Over the years, he says he has trained "with a palaeontologist, and people that restore ancient manuscripts," and worked professionally as an archivist. He has published several volumes of romantic and erotic poetry, as well as a play.
But despite these other interests, he has also remained preoccupied with ghosts. On his blog, he describes going to the civic library, where he works, in Venice over the Christmas holidays, and using a radio scanner to search for spirits. In another post, he cheerfully details spending several hours alone on Poveglia island—home to an abandoned insane asylum built on plague graves— while his son waited in the car to drive him home.
Finally, frustrated with the lack of an all-in-one device combining his go-to ghost-hunting tools, Massimo took out an ad for engineers and marketers, and the GhostArk team was born.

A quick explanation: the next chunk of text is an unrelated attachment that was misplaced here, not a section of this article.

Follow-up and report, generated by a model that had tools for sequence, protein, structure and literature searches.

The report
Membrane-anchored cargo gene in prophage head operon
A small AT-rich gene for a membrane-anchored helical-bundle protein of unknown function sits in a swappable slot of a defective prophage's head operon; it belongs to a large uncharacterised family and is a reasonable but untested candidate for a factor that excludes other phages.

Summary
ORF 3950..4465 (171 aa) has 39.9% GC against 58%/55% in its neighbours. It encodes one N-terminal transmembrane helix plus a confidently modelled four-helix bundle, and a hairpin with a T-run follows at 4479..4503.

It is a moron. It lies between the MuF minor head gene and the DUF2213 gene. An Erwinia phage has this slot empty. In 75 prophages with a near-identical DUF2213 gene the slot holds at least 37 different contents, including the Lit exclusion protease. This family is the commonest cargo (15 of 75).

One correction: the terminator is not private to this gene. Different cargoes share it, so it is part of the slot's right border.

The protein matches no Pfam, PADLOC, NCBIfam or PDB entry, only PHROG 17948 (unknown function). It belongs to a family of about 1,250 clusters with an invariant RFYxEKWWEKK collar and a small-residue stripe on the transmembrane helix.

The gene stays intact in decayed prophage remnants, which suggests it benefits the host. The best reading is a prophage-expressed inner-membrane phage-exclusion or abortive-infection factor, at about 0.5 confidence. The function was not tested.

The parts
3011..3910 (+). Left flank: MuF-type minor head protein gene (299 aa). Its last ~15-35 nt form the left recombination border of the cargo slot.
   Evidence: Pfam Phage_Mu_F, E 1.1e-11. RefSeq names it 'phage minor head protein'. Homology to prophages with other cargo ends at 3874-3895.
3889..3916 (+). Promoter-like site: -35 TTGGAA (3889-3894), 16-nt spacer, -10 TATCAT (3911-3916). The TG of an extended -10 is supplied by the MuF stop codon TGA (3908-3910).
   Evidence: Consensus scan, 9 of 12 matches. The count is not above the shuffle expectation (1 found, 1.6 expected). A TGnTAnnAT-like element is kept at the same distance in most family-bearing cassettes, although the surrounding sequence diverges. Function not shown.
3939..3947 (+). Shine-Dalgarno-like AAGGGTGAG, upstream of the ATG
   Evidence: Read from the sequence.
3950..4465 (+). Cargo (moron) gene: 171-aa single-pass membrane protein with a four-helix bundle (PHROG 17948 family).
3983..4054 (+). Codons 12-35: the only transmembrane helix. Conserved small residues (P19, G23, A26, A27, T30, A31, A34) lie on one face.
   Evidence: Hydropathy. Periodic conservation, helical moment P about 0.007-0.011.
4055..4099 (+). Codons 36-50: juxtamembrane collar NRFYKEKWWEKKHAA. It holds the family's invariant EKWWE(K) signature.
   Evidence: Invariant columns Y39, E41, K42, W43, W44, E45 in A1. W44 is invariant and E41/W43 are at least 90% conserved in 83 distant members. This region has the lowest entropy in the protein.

To those unfamiliar with the art of ghost hunting, the GhostArk probably comes off as pretty impressive. The group claims their device records ambient temperature and air pressure, as well as local electromagnetic fields. This information is automatically logged in giant spreadsheets for later analysis, but can also be monitored on the GhostArk's screen in real time. The device has multiple microphones for ambient recording, and can sweep through different radio frequencies for the presence of ghostly messages. A white noise generator is also included, because it is believed that spirits sometimes communicate by shaping ambient noise into sounds.
The device looks reassuringly tough—in computer generated renders, at least—and is designed for quick battery swaps in the event a mischievous spirit decides to prematurely drain its power, according to one of many helpful explanations on the GhostArk blog. And because the device combines several tools into one, the user's other hand is free to navigate whichever abandoned castle or orphanage he or she happens to be working in that day.